RICHLAND, Wash. – Columbia Generating Station produced more clean, nuclear energy for the Northwest power grid during 2014 than any other year in its 30-year history. Columbia sent nearly 9.5 million megawatt-hours of electricity to the grid, beating the previous generation record set in 2012 (9.3 million MWhrs). Columbia also set a generation record for a refueling outage year in 2013 (8.4 million MWhrs).
“We are doing what Energy Northwest does best: providing reliable, clean, cost-effective electricity to the region’s ratepayers,” said Mark Reddemann, Energy
Northwest CEO. “During 2014, Columbia operated at a 98.6 percent capacity factor. That number directly reflects our team’s commitment to excellence in performance.”
Columbia was online every single day in 2014 and broke its record for consecutive days online in November, beating the previous record of 505 days set in April 2011. As of today, Columbia has been online for 560 consecutive days. The current run began when the plant restarted following Columbia’s 2013 refueling and maintenance outage, which ended June 25, 2013. Columbia’s next refueling outage is scheduled to begin May 9.
In November, Columbia also marked five years without an unplanned shut-down.
“Our stakeholders expect us to be safe, reliable and predictable. We can’t achieve generation records such as these, safely, unless the entire team has that focus,” said Brad Sawatzke, Energy Northwest chief operating officer/chief nuclear officer.
Columbia Generating Station is the Northwest’s only commercial nuclear energy facility, generating 1,170 megawatts of electricity, which is sold at-cost to the Bonneville Power Administration. Ninety-two Northwest utilities receive a percentage of its output.
In December, Columbia marked 30 years of commercial operation. Regional power organizations – and Washington Governor Jay Inslee – have praised Columbia for its economic and environmental value.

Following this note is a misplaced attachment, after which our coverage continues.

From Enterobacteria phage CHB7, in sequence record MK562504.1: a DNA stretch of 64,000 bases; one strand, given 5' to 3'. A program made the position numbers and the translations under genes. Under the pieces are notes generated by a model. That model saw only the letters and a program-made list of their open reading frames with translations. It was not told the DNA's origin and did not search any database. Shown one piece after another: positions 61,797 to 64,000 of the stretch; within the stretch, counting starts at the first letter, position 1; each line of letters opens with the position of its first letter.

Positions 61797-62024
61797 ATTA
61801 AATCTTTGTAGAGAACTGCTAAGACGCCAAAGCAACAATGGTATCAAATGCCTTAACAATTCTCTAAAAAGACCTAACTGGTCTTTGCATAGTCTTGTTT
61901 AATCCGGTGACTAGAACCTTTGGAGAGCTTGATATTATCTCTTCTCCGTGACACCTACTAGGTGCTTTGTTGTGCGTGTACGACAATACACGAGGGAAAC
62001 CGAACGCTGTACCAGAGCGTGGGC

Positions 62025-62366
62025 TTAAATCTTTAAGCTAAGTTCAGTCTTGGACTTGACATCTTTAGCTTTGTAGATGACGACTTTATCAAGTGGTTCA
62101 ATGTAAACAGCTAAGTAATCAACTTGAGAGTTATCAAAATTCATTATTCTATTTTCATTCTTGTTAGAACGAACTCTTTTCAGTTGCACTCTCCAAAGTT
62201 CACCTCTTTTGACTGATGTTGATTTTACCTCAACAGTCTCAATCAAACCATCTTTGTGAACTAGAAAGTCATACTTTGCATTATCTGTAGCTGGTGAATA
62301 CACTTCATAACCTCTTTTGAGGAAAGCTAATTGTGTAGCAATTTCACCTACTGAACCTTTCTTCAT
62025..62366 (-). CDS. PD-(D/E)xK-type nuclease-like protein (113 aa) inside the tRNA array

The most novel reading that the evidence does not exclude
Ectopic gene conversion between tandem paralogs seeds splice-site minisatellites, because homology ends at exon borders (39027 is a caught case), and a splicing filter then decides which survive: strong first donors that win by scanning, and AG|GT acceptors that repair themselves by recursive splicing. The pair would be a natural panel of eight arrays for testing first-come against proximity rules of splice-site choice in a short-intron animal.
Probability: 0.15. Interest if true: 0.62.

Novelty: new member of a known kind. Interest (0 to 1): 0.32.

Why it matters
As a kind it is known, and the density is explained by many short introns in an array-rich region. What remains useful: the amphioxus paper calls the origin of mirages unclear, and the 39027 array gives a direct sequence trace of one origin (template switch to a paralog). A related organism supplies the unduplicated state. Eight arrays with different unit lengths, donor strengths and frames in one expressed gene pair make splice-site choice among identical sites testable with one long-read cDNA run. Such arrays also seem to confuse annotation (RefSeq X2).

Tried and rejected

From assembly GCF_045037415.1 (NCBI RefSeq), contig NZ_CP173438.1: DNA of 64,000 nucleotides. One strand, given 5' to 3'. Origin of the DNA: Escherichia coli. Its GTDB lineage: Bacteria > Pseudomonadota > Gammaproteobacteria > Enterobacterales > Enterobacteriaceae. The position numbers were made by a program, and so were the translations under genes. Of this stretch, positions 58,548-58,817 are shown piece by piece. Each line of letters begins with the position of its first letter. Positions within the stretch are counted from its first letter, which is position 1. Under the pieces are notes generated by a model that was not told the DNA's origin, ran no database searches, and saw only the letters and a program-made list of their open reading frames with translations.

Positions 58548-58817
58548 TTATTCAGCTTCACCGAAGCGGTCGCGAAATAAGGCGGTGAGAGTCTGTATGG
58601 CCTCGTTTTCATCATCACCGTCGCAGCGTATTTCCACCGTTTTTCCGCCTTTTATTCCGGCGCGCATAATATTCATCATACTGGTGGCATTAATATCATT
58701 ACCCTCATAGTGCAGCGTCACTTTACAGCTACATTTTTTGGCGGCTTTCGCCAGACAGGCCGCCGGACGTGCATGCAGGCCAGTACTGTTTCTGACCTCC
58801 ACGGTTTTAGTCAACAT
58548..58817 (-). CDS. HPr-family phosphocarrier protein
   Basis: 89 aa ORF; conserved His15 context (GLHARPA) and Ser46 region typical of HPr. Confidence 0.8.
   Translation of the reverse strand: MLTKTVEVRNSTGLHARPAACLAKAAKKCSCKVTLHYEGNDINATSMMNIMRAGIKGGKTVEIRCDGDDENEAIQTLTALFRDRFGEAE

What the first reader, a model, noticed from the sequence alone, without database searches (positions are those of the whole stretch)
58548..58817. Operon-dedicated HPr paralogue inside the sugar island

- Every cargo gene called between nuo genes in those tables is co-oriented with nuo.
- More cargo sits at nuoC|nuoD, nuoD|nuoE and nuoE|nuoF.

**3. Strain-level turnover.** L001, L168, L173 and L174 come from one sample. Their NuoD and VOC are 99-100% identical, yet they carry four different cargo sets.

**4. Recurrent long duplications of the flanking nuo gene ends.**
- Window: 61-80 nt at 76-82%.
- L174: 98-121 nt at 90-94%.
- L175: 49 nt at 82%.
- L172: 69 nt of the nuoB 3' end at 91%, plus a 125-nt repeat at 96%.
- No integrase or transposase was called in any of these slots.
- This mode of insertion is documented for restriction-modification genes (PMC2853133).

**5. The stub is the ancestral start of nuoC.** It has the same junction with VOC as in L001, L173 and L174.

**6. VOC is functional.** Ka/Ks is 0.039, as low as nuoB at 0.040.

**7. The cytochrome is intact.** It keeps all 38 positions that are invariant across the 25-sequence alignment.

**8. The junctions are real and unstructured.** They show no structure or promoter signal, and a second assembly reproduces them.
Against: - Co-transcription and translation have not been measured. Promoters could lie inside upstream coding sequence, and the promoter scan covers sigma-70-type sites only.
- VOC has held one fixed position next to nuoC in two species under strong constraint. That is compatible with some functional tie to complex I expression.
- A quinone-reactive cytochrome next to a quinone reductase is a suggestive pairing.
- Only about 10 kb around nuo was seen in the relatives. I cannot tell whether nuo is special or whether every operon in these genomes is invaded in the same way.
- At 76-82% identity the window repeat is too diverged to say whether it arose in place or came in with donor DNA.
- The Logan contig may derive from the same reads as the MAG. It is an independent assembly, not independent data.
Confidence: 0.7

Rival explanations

Most recently, the Bonneville Power Administration credited Energy Northwest with helping to keep the fiscal year 2016-2017 power rate increase in the single digits.
According to Bonneville, opportunities and initiatives presented by Energy Northwest will save ratepayers approximately $125 million during the upcoming rate period.
Those opportunities afforded by Energy Northwest, and its industry and regional partners, were the repeal of the spent-fuel disposal fee that the Energy Department charged Columbia Generating Station, saving the region on average $7.4 million a year; refinancing of regional cooperation debt for 2014-17, saving about $29 million a year; and a decrease in Columbia’s operating costs, saving approximately $26 million a year.
“We are providing benefits to the region both from our generation of electricity and from working closely with our partners on increasing value through these strategic financial transactions. We are seeing successes on both sides,” said Brent Ridge, Energy Northwest vice president of Corporate Services and chief financial and risk officer.
The agency’s 2012 low-cost, below-market nuclear fuel purchase – enough fuel to last through 2028 – generated tens of millions of dollars in current rate case savings, and will save tens of millions more through 2028.
(Posted by John Dobken)